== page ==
Once you’ve got the rhythm set, you and your buddy would ascend to the surface, buddy breathing all the way. Your instructor may have you practice buddy breathing first in a stationary position. and then swimming along the bottom to simulate how long it would take to ascend while buddy breathing.

Next, join a dive club. Your PADI Dive Center or Resort probably has one or knows of one, which is probably a local chapter of the PADI Diving Society (which you’ll also want to join). Most of these organizations coordinate activities, dives, events and other dive-related fun – and You’ll meet other people to dive with. Don’t worry that you’re new to diving – every dive group has members at all experience levels and they plan activities accordingly.

Go Places
A great way to meet people is to go on a dive trip organized by your PADI Dive Center or Resort. Plus, it takes you diving – which is what you’re trying to accomplish. Although an exotic dive destination has the most appeal, don’t let time and money limit your thinking. Most dive operations offer local dive adventures close to home – and you may be surprised just how much fun you can have.

Do Things
Diving isn’t just about swimming around underwater sightseeing. Diving should be personal. It’s about gaining the skills you need to visit new dive sites you want to see. It’s about having the gear you want so that diving takes you on the adventures that you think worth while; so that it presents you with the challenges that you think deserving, and so that diving grows with you and always rewards you.

Only you can say whether this means taking on artistic challenges like underwater photography and videography, skill challenges like navigating or finding and recovering lost objects, or technical challenges like deep diving or enriched air diving. But recognize that scuba diving isn’t an activity, but a door through which you reach hundreds of underwater pursuits. Find those that ignite your heart, and you’ll experience that which eludes many people – a burning passion for what you do.

 

Continuing your Dive Adventure 2

Looking at a flow chart for the PADI System of diver education. one might conclude that its purpose is to take you to Master Scuba Diver, or to PADI Open Water Scuba Instructor. But that’s not it at all.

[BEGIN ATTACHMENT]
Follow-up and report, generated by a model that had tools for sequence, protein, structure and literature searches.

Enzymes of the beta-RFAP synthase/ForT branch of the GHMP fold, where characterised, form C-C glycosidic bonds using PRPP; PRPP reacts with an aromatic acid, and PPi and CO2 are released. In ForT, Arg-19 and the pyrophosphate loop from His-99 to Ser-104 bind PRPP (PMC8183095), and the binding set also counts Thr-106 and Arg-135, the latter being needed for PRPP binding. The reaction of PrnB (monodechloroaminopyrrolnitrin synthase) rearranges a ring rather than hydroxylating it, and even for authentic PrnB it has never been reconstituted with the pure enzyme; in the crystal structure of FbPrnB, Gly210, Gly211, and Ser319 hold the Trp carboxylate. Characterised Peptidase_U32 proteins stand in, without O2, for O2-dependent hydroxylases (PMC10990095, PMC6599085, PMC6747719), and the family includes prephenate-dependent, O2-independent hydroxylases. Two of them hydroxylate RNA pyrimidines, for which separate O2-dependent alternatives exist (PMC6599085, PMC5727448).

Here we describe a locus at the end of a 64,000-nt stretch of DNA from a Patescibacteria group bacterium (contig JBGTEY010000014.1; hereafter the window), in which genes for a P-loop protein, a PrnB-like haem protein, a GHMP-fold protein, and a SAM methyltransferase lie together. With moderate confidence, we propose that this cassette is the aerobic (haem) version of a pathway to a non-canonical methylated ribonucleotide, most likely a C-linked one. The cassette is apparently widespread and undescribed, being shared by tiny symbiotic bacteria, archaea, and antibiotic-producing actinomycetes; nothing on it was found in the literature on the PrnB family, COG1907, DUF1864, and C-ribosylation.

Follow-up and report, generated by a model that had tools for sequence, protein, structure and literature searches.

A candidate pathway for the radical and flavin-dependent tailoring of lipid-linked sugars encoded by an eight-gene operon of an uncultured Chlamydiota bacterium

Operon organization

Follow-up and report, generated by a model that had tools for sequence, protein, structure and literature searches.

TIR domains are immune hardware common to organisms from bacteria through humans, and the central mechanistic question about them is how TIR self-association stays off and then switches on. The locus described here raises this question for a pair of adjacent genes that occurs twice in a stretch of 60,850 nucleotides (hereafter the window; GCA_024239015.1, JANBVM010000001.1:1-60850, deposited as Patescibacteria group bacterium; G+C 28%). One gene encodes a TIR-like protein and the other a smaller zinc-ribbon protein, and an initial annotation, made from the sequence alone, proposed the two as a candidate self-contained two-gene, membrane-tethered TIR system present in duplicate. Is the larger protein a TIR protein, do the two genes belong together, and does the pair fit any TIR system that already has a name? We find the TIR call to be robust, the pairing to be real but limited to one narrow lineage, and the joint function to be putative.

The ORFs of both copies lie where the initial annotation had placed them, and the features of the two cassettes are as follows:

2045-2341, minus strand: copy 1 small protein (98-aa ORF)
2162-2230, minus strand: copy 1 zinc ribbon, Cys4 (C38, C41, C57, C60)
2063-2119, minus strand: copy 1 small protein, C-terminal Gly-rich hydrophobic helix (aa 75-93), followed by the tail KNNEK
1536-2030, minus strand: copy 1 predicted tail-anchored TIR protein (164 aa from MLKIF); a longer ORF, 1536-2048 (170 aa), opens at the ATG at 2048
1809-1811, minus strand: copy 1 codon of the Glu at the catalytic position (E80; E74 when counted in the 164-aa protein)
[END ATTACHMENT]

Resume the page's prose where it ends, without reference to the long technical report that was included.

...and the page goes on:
Becoming a PADI Master Scuba Diver, or Divemaster, or Instructor. or whatever isn’t the purpose of the system, but a result of achieving its purpose. The purpose of the PADI System is to provide the means by which you 1. meet dive people, 2. go places diving, and 3. do things underwater. Sound familiar?

Continuing your education beyond Open Water Diver has some tangible benefits – doing so introduces you to specialized dive activities. It gets you acquainted with diving in different conditions. and it may get you diving in a wide variety of aquatic environments. But again, these all lead back to the primary purpose of helping you get out of diving what you trot into diving for.

You’ll find that other PADI courses differ from this course. Many – especially those that focus on adventure activities – take only a day or two, and they re mostly diving, with little or no classroom work.

Regardless. by continuing to learn, you meet and get to know other divers. You visit new dive sites (perhaps including dive travel), and you get to try new activities and to develop new skills, helping you find the aspects of diving that mean the most to you. Related to this, you see what types of equipment best suit your preferences and interests.

 

Continuing your Dive Adventure 3

And even better: The Advanced Open Water program Adventure Dive happens to be the first dive of many PADI specialty courses. So if you try, say, a dry suit Adventure Dive (by itself or as part of an Advanced Open Water Diver course) and decide that you just have to have a dry suit and finish the whole course, you’ve already got the first course dive under your weight belt (at the instructor’s discretion).